Babies born slightly early or two weeks late have a marginally raised risk of learning difficulties - from poor vision to autism, research suggests.
The Glasgow University study of 400,000 schoolchildren found those born between 37 to 39 weeks were 16% more likely to develop problems than those born at 40.
But the overall risk was still relatively low, at 5% of all children.
Elective Caesareans are now commonly carried out at 39 weeks.
Writing in the Public Library of Science Medicine journal, the Scottish-led team suggested their findings should inform the debate on whether and when to undergo a Caesarean.
But the Royal College of Obstetricians and Gynaecologists (RCOG) said very few women opted for a surgical birth without reason, and that to delay the operation could put the health of mother and baby at risk.
It has long been established that babies born prematurely - at 24 weeks - are significantly more likely to suffer learning difficulties and disabilities. It has also been recognised that those born a few weeks early may have respiratory difficulties among other immediate problems.
But this is the largest study of its kind to track the impact these slightly early births may have on development later on, analysing data on Special Educational Needs (SEN) - a broad spectrum which can include minor learning delays, dyspraxia and attention deficit disorder.
In total, nearly 5% of the children studied were recorded as having SEN.
The likelihood of their having such a diagnosis decreased the longer their mother's pregnancy had lasted, up until 42 weeks - when it rose sharply.
This means that for every 100 babies born between 37 and 39 weeks, there may be one more diagnosis of SEN than among 40-week contemporaries.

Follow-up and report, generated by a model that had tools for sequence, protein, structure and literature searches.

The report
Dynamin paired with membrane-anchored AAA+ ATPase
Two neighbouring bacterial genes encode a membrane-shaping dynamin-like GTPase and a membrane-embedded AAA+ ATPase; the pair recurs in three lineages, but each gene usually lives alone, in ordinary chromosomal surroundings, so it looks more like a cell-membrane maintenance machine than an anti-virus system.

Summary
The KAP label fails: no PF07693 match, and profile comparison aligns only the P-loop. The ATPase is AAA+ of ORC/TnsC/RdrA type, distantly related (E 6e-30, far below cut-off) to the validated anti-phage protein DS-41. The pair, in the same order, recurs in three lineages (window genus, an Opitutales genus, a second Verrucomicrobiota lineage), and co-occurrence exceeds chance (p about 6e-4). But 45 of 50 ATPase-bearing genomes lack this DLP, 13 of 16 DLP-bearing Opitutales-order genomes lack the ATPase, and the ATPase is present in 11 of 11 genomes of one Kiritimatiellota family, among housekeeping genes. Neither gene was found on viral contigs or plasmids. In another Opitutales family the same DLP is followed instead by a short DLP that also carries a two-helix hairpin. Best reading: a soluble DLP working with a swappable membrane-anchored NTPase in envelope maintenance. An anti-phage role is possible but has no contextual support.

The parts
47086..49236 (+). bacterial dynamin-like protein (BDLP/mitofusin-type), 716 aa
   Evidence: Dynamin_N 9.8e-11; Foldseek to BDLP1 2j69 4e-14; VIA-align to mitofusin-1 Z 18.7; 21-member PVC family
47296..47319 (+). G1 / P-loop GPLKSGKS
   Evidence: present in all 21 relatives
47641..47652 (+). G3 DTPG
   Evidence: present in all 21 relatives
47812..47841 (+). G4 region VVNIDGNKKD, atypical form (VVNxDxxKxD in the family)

Health reasons may explain why some babies are born spontaneously slightly before term, and this in turn could be behind later development problems. While these early births are not preventable, the research team suggested some elective Caesareans could be reconsidered.
"Early term births - between 37 and 39 weeks gestation - are becoming more common, because more mothers are electing to be delivered early for non-medical reasons - so-called birth scheduling," lead author Jill Pell, an expert in public health and health policy at Glasgow University, wrote.
"These findings have implications for clinical practice in relation to undertake elective delivery and the timing of elective deliveries."
But Professor James Walker, a consultant and spokesperson from the RCOG said very few Caesareans were now carried out before 39 weeks and the vast majority of elective operations were for good medical reasons.
"The findings of this study do seem credible, but the risk they highlight has to be balanced against the risk of waiting for a mother to reach term. If she then goes into labour at night, or ends up having an emergency Caesarean, these present much greater risks.
"But we do all have to be aware of the consequences of medical intervention, as well as the consequences of not intervening, and make decisions accordingly. This study adds to the body of what we know."
Cathy Warwick, general secretary of the Royal College of Midwives, said: "This new research highlights another reason for women and professionals to think carefully about the necessity for each elective caesarean section.
"There is a real need to encourage more normal births and midwives are doing this. Midwives need to have the time to spend with women to discuss all the birth options available to them, and to offer them help and advice. There are many examples of this happening across the country, and I would like to see many more."
Latest figures show a quarter of all births in the UK are carried out by Caesarean. Some 15% of these are emergency operations, and 10% are planned. About 7% of these elective operations are thought to be due to the mother's wish rather than medical grounds.